UK to Ask EU Leaders to Expel Russian Spies from Own Countries
Albanian Daily News
Published March 22, 2018
Vladimir Putin is a long-term threat to Europe, says Theresa May. Photograph: Yuri Kadobnov/AP
Britain will encourage European leaders to expel Russian intelligence agents from their own countries in a bid to dismantle the Kremlin's networks across Europe, warning that the west faces a long-term threat from Vladimir Putin.
Theresa May will ask European leaders to examine Britain's response to the use of a nerve agent against a Russian double agent and his daughter in Salisbury and step up their own measures when they meet in Brussels on Thursday.
The prime minister will brief leaders over dinner at the European council summit, where she will stress a pattern of aggressive Russian behaviour. "The challenge of Russia is one that will endure for years to come," she will say. "As a European democracy, the UK will stand shoulder to shoulder with the EU and Nato to face these threats together. United, we will succeed."
It is understood conversations over the coming weeks will include the UK making the case that countries should take similar action to expel Russian diplomats believed to be undisclosed intelligence agents, after the UK expelled 23 this week. Downing Street believes the expulsions have now severely limited Russia's intelligence capacity and is understood to be considering further expulsions if further undisclosed intelligence agents are discovered.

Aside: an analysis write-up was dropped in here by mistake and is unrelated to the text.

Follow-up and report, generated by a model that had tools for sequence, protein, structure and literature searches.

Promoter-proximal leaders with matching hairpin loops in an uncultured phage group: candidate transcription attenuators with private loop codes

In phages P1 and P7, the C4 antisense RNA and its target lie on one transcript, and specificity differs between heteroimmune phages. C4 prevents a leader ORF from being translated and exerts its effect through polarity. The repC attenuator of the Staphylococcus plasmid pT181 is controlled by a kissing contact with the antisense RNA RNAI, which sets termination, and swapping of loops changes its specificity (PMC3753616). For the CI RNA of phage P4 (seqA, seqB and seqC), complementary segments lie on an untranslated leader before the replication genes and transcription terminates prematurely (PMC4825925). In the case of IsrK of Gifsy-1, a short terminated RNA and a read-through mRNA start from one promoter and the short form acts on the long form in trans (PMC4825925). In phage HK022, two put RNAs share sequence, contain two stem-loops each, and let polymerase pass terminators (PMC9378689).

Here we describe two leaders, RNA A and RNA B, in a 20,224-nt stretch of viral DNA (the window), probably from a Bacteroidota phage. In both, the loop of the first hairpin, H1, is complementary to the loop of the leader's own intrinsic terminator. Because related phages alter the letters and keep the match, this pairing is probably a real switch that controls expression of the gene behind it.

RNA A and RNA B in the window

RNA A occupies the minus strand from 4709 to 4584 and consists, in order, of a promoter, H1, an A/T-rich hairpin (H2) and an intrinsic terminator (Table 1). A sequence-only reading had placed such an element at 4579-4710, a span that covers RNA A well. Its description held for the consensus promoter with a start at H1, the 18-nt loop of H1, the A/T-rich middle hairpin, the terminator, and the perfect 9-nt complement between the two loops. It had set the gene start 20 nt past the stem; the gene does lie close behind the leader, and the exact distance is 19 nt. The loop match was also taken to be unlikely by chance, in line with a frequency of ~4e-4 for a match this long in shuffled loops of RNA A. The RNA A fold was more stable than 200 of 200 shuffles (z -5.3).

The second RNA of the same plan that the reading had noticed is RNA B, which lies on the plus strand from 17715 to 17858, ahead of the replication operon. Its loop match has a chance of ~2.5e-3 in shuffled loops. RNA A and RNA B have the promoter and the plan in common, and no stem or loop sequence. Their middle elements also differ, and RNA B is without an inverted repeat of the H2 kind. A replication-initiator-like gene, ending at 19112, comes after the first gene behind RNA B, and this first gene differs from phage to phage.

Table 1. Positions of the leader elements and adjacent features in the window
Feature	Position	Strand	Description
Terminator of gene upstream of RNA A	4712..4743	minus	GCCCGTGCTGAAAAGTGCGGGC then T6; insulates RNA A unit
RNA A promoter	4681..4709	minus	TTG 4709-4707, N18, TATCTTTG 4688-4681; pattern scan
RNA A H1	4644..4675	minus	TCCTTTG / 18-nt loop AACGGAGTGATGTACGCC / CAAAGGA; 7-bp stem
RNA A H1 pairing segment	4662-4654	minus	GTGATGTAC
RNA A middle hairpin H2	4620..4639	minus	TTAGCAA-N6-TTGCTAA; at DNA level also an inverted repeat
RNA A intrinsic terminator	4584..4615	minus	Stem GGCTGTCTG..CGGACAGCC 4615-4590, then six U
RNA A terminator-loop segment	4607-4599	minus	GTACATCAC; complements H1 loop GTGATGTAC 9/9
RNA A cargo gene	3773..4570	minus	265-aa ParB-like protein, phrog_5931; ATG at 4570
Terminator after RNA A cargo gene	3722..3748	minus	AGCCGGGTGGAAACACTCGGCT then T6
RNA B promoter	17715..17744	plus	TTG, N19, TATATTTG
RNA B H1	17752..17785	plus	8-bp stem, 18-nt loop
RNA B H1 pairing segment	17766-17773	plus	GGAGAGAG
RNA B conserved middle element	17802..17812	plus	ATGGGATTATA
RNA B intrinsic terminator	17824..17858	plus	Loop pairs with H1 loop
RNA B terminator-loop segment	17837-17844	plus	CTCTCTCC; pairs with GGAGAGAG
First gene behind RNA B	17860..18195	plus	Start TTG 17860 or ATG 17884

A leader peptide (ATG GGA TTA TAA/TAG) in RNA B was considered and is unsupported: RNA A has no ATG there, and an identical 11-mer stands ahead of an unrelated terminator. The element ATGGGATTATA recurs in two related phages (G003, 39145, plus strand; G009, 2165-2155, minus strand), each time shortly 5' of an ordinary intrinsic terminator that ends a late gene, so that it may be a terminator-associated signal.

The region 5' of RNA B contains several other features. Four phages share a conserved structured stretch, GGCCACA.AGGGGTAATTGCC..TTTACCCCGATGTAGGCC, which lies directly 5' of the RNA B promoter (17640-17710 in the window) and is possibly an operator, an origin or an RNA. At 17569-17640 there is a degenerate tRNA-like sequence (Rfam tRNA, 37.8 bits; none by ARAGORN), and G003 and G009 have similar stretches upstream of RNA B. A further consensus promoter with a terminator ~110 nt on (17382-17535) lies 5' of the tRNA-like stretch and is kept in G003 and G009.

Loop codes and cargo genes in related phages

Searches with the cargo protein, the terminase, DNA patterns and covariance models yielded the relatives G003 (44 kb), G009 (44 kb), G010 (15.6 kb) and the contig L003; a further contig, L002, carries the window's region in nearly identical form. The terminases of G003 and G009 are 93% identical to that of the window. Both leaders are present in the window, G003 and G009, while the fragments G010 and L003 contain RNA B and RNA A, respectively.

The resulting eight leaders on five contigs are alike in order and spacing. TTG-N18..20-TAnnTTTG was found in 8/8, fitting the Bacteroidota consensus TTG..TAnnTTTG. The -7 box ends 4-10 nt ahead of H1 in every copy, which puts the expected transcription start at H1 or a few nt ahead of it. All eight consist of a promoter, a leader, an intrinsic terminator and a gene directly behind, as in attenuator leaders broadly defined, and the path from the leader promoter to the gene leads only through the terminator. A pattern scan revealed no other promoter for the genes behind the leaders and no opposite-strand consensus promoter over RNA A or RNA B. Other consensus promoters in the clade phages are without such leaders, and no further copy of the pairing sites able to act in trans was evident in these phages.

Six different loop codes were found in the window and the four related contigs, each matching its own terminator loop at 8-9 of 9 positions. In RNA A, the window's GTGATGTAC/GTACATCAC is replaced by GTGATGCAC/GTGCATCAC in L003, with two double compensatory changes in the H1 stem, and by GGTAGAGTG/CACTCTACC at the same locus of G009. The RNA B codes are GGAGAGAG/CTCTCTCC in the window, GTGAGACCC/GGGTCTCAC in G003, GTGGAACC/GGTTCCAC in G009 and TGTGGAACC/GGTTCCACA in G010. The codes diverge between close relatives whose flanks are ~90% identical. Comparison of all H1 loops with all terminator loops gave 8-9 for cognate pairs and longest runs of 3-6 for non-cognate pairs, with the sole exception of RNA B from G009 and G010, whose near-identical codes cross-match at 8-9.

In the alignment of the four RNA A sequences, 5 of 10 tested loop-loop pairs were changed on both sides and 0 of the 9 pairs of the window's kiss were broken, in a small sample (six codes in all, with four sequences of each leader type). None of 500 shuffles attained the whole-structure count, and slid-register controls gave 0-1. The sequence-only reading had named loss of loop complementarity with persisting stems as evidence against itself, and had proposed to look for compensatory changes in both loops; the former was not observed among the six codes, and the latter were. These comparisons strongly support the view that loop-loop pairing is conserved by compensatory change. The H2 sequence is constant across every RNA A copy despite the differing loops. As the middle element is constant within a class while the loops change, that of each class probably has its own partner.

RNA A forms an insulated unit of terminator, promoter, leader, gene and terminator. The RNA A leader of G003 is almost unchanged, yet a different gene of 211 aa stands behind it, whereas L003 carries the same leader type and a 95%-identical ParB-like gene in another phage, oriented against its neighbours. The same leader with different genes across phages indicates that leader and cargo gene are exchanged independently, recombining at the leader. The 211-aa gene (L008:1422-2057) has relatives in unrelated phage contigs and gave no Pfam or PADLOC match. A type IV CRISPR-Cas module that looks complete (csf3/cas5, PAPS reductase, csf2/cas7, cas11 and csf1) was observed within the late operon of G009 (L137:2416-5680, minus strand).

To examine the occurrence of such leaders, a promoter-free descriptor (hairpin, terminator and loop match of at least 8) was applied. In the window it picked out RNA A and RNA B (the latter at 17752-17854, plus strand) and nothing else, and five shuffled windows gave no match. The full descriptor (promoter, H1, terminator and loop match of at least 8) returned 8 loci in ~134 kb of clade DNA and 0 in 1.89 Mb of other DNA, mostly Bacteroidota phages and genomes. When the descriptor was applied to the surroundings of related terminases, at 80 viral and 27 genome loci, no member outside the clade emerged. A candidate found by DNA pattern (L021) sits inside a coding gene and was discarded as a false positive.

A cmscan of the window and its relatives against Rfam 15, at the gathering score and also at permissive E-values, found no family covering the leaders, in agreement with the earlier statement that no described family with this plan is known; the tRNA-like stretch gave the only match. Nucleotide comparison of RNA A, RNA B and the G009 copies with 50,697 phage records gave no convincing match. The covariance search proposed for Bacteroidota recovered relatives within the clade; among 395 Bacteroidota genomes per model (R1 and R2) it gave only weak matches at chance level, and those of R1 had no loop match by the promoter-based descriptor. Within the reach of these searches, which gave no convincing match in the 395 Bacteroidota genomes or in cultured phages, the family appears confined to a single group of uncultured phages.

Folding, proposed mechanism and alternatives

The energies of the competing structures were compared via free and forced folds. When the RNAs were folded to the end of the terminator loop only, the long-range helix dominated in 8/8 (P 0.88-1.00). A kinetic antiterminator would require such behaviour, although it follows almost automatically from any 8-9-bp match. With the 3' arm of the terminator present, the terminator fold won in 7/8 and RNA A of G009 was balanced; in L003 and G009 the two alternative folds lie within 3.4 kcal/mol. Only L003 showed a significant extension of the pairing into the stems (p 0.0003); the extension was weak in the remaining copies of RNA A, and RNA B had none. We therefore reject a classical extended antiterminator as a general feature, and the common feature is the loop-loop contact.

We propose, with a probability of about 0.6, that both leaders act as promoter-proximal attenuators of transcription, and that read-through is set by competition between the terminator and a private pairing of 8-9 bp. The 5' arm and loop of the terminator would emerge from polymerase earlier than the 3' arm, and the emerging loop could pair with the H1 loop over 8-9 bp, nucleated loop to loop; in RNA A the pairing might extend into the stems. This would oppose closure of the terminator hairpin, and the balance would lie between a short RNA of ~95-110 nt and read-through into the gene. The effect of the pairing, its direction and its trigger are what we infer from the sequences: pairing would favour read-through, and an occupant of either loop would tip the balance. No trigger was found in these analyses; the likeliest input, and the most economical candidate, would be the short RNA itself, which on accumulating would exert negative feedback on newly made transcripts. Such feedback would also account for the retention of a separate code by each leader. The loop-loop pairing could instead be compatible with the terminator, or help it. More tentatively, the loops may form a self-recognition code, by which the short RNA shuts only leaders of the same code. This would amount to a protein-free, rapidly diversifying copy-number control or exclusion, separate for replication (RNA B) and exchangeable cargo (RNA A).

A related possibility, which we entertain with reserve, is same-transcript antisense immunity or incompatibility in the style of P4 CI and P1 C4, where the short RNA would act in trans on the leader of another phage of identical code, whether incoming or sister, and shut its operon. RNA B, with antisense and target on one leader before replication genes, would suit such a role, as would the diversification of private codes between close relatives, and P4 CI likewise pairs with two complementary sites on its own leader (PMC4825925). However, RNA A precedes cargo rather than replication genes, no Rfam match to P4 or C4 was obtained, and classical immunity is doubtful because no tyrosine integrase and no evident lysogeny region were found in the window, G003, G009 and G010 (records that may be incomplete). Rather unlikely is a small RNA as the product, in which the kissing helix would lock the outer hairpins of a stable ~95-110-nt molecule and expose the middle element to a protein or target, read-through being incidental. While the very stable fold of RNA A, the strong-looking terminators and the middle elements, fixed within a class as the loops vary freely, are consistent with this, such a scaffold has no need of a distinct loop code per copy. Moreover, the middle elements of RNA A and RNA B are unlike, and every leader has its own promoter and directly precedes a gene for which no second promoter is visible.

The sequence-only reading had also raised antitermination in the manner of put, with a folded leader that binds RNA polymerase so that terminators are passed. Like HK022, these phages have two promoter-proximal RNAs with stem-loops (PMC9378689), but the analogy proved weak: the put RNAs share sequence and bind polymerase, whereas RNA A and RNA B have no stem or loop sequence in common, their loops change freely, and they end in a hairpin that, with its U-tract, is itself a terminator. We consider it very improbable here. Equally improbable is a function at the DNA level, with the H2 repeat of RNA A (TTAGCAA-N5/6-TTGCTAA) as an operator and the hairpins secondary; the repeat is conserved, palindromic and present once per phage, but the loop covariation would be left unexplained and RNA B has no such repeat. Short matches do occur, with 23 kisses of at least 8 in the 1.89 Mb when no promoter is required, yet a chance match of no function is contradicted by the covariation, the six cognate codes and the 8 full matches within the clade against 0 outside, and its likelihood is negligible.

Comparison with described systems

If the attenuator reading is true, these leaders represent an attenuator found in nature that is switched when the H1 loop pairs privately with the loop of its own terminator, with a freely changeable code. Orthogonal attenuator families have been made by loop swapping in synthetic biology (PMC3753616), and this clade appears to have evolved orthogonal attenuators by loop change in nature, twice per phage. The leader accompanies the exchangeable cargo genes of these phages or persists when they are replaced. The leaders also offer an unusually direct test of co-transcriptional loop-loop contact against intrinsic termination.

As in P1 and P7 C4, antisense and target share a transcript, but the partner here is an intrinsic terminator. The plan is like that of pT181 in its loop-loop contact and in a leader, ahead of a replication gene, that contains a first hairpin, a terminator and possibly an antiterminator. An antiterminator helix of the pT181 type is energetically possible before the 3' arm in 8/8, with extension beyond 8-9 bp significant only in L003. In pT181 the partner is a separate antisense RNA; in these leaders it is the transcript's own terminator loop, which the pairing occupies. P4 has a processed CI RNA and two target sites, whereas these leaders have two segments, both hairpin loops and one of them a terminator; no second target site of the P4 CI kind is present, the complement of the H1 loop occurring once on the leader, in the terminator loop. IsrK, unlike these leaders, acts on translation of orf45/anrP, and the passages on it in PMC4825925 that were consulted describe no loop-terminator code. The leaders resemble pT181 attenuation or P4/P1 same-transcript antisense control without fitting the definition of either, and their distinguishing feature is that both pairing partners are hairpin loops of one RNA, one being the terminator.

A senior Whitehall official said that Russia "has shown itself to be a strategic enemy, not a strategic partner", pointing to a pattern of behaviour including cyber-attacks on countries including Germany, the US and Denmark and aggression in Syria and Ukraine.
However, emphasis is being placed by the official on curbing the Kremlin's capacity to do harm, rather than escalating conflict. "It's not that we are looking for some big confrontation with Russia, or that this is about ultimately regime change," the official said.
In her remarks to EU leaders, May will stress the reckless nature of the attack in Salisbury against Sergei Skripal and his daughter, Yulia, who remain seriously ill in hospital, and that the use of the Novichok nerve agent was a clear breach of the chemical weapons convention.
British officials have briefed allies about the precise composition of the nerve agent from the Novichok group for their own experts to assess.
"Disrespect for international rules and norms clearly threatens the basis for our advanced democracy, open society and free economies," a senior No 10 official said. "The Russian threat does not respect borders and as such we are all at risk."

(Source: The Guardian)

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